On the night of my arrest, I had been standing inside a construction zone in Miami that was open for pedestrian traffic but closed for automobile traffic.
I took a few photos of police officers conducting a traffic investigation about 20 yards away when one of the officers asked if she could help me.
I identified myself as a journalist and told her I was taking photos for an article.
The Miami police officer told me I needed to keep moving as this was a “private matter.”
I told her this was a “public street.”
And thus began the incident that would land me in jail for 16 hours on nine criminal charges ranging from disorderly conduct to obstruction of traffic.
But the only offense I committed that night is not even listed in the Florida statutes.
That offense is contempt of cop.
Although contempt of cop is not found in any U.S. law books, it is informally used among many officers when a civilian questions an officer’s authority or asserts their Constitutional rights.
And it has landed thousands of people in jail who have not broken any laws.
Most recently it was used to arrest two TV reporters in El Paso in an incident caught on video.
And that’s according to a former El Paso Assistant Police Chief.
George DeAngelis, who now teaches criminal justice after having spent 28 years as a police officer, said it was evident that Sgt. Raul Ramirez had allowed his emotions to take over when he hopped over the fence, according to the Newspaper Tree, an El Paso online newspaper.
“People go to jail in contempt-of-cop situations more than any reason nationally,” DeAngelis said. “You could see it in the video. The situation became more personal between the officer and the reporter than the overriding issues of public safety.
“You can see it, and you and hear it in the language of the officer when he said, ‘I gave you an order.’ That’s what contempt means: ‘How dare you not obey my order.’ It’s personal. You’re challenging the officer’s authority. It has nothing to do at that point with the overall safety of the scene. That’s why you see him reacting emotionally rather than rationally.”
“You have to remember, he’s a supervisor,” DeAngelis said of Ramirez. “He should be directing that scene. But you can see he’s climbing the fence. His body language is very aggressive. He feels his authority is being challenged. He has one thing on his mind: ‘I’m going to show you who’s in charge here.’ All sense of reasonableness has evaporated.”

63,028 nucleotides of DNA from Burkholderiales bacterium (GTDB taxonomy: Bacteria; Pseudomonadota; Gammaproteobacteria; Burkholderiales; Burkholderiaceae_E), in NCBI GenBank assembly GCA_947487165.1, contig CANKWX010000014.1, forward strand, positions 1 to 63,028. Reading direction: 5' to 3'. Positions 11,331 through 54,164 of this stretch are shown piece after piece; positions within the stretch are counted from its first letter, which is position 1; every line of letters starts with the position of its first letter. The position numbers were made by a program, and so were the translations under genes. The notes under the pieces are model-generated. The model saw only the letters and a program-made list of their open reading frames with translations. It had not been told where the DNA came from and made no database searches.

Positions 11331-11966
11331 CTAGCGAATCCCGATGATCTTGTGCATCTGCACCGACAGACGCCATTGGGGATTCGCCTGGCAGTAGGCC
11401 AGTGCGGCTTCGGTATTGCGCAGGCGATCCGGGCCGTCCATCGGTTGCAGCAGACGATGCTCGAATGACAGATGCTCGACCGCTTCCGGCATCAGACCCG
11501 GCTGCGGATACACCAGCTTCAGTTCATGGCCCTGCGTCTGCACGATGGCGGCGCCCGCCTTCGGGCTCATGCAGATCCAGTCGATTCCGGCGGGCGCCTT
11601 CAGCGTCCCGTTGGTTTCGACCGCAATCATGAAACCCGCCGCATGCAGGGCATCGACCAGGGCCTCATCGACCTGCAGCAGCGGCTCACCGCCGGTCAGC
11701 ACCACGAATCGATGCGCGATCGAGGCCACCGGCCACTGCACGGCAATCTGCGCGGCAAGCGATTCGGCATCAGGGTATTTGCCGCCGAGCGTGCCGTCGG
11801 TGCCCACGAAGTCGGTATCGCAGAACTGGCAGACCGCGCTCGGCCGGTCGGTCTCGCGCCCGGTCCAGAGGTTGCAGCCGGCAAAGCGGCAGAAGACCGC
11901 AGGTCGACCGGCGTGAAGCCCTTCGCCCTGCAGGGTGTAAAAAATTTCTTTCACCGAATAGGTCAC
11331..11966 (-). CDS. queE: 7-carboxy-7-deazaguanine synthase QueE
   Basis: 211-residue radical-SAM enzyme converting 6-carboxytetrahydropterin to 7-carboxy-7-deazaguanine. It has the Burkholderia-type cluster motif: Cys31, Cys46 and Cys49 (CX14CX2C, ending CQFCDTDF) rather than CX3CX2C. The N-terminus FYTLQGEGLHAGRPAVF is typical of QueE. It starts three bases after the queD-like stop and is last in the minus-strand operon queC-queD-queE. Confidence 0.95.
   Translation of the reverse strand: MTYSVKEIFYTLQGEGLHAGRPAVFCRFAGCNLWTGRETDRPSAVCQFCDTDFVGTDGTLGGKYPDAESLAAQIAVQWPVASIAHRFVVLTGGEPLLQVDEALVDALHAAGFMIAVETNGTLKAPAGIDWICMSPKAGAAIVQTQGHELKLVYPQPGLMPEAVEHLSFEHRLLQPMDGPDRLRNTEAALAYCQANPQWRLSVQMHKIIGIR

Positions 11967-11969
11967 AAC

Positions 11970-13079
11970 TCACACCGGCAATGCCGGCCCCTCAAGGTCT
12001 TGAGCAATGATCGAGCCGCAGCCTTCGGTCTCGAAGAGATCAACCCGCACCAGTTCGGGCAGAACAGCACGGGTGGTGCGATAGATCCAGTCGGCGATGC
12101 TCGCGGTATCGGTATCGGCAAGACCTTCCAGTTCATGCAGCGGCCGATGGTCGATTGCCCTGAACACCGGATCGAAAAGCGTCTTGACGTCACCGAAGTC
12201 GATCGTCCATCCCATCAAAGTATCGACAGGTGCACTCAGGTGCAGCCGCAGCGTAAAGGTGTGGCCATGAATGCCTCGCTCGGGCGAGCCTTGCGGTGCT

A 2002 Las Vegas Review-Journal editorial said the phenomenon occurs when citizens understand and assert their rights.
Mr. Wright’s crime was indicating that he knew the law and his rights. But many officers don’t seem to like citizens who know and assert their rights. In this case, Mr. Wright reports that his two interrogators responded, “You’re giving us lip? OK, you’re under arrest.”
The real offense here, clearly, was “Contempt of Cop.”
And here is an excerpt from a 1998 Washington Post article about the phenomenon.
Klotz, who frequently testifies against police departments as an expert witness in brutality cases, said officers may regard a citizen’s questions or refusal to fully cooperate as an offense known informally among police as “contempt of cop” – a sign of disrespect that could escalate into trouble.
The El Paso reporters were released within an hour after a commander determined there was not enough probable cause to make the arrest stick. But that was only because the entire incident was caught on video.
In my case, I was slapped with five counts of refusing a lawful order, which just goes to show you how emotional these cops had become. Those five charges were later reduced to a single charge as the State Attorney’s Office prepared my case for trial.
And the jury ended up acquitting me of that charge as well as the disorderly conduct charge, even though they convicted me of resisting arrest without violence, which I am appealing.
One of the most notorious contempt of cop cases to make headlines was last year’s arrest of an Albuquerque TV news videographer. Because that incident was caught on video, charges were dropped against the videographer and the cop was terminated.
That incident also prompted Albuquerque Police Chief Ray Schultz to issue a new policy stating that officers were not to arrest people for “refusing to obey” unless that person was already being arrested for another crime or physically keeping the officer from carrying out his duties.
Defense attorneys derisively call the refusing to obey charge “contempt of cop” and claim that APD routinely violates residents’ First Amendment rights when they use it.
Civilians are not the only ones to fall victim to contempt of cop.
Earlier this month, Phoenix Police Chief Jack Harris ordered a raid on the house of one of his officers after that officer had questioned certain crime lab blunders and was suspected of leaking information to a Phoenix blogger whose house was also raided.
And last year, a Louisiana police chief – who is also a convicted felon – had a former police officer arrested after he sent an email to a local newspaper asking why they had not reported on the chief’s alleged misconducts.
Even DeAngelis, who was once the second highest ranked officers in the El Paso Police Department, appears to have fallen victim himself.
DeAngelis, who was the No. 2 officer in the El Paso Police Department and left the force in 2002 in the furor that erupted after he lodged a complaint against then-Chief Carlos Leon, said the department had such a system in place.
So how can we expect cops to respect our First Amendment rights when they are retaliated against for expressing their own First Amendment rights?